MOUNT VERNON — Every card is unique, from a prim-looking cactus to an owl wearing a face mask.
And the Skagit County residents who carefully crafted the handmade cards hope they are a fitting thank-you gesture for those working in jobs to hold off the worst of the COVID-19 pandemic.
More than 300 cards have been made, with more on the way. Many have already been delivered to Skagit Valley Hospital in Mount Vernon, and others are destined for police and fire departments.
“I want to give thanks to all the people on the front lines that are caught up in the difficulties. They see it all. So we give them some extra hope and gratitude and love,” said Mount Vernon’s Vida Clement, who helped start the effort. “There are so many of us that can’t serve in the same capacity, but it’s a great way to do our part so they know we care.”
Clement said she raised the idea with a few friends, and it grew from there.
“They talked to their friends, and they talked to their friends ...” she said.
Clement said about a dozen friends are involved, although more seem to join the effort every day. Those who make cards leave them on their own doorsteps and Clement picks them up. A friend who works at Skagit Valley Hospital, Erin Charles, has delivered some there.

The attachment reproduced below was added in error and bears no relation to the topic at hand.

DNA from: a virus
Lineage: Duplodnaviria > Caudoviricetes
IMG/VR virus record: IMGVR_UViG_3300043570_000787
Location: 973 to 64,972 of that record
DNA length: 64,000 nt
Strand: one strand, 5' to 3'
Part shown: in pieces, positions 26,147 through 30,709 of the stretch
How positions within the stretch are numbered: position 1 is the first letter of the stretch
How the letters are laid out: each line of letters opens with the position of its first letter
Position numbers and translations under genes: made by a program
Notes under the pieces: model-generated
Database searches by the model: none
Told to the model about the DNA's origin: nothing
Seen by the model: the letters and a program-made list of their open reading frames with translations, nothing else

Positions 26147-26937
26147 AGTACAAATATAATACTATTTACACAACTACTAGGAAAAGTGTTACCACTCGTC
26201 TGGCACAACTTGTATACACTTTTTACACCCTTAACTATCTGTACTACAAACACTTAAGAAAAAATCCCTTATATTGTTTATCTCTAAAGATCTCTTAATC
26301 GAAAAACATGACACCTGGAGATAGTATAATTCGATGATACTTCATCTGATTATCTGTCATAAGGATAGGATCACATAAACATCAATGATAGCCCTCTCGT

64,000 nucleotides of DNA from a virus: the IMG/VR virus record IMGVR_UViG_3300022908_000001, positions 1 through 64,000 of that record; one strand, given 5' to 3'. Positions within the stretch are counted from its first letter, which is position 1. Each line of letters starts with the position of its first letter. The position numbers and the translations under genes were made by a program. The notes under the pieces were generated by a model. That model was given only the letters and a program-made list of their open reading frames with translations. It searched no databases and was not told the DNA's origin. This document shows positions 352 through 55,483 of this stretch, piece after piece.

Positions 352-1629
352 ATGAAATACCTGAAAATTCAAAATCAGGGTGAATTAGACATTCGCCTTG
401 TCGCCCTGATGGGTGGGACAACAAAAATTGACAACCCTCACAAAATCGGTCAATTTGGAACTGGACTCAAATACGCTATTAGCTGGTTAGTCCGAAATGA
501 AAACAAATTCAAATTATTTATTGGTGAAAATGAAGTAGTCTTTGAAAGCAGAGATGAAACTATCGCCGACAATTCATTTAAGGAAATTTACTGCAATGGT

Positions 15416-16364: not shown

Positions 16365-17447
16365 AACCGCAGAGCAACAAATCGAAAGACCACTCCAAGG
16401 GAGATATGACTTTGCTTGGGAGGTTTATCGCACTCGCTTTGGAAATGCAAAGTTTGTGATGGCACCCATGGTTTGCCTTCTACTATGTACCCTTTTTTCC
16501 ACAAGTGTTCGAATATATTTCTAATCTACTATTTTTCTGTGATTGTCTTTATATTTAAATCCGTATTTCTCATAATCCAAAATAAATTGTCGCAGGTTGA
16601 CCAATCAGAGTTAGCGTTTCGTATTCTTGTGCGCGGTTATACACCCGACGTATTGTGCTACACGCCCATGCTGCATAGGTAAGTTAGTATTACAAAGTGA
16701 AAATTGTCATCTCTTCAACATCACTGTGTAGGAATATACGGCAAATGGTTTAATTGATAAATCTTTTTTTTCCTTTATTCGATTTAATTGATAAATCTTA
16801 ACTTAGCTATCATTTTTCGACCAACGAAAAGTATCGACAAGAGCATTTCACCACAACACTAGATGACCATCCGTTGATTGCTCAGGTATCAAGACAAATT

“They’re just beautiful. People put a lot of love and care into these cards,” Clement said.
Nine-year-old Sarabella Phillips of Mount Vernon, whose mother Tosha is one of Clement’s friends, made cards to contribute.
“I pulled out the markers they gave us at school,” Sarabella said. “I made them all different. I drew hearts and stuff.”
Barbara Yaun of Mount Vernon made about 35 cards.
“I just kind of do it as I go and get inspired by whatever pops into my head,” she said of the creative process. “It’s a great stress reliever, working on things like that. To use my talent to give things away is what I love to do. It’s a way to give back. I don’t want credit, I just want to help other people.”
Clement said the cards were originally intended only for the hospital because she had a friend able to deliver them. But the effort has grown to include fire and police departments.
She said, “The momentum is building, and that’s the way it should be.”
Clement said everyone can find their own way to contribute.
“Everyone knows someone ... health worker, grocery clerk, garbage person or even a neighbor that could use a thanks or even just a hello. Wouldn’t it be wonderful if we all shared in whatever way we could?”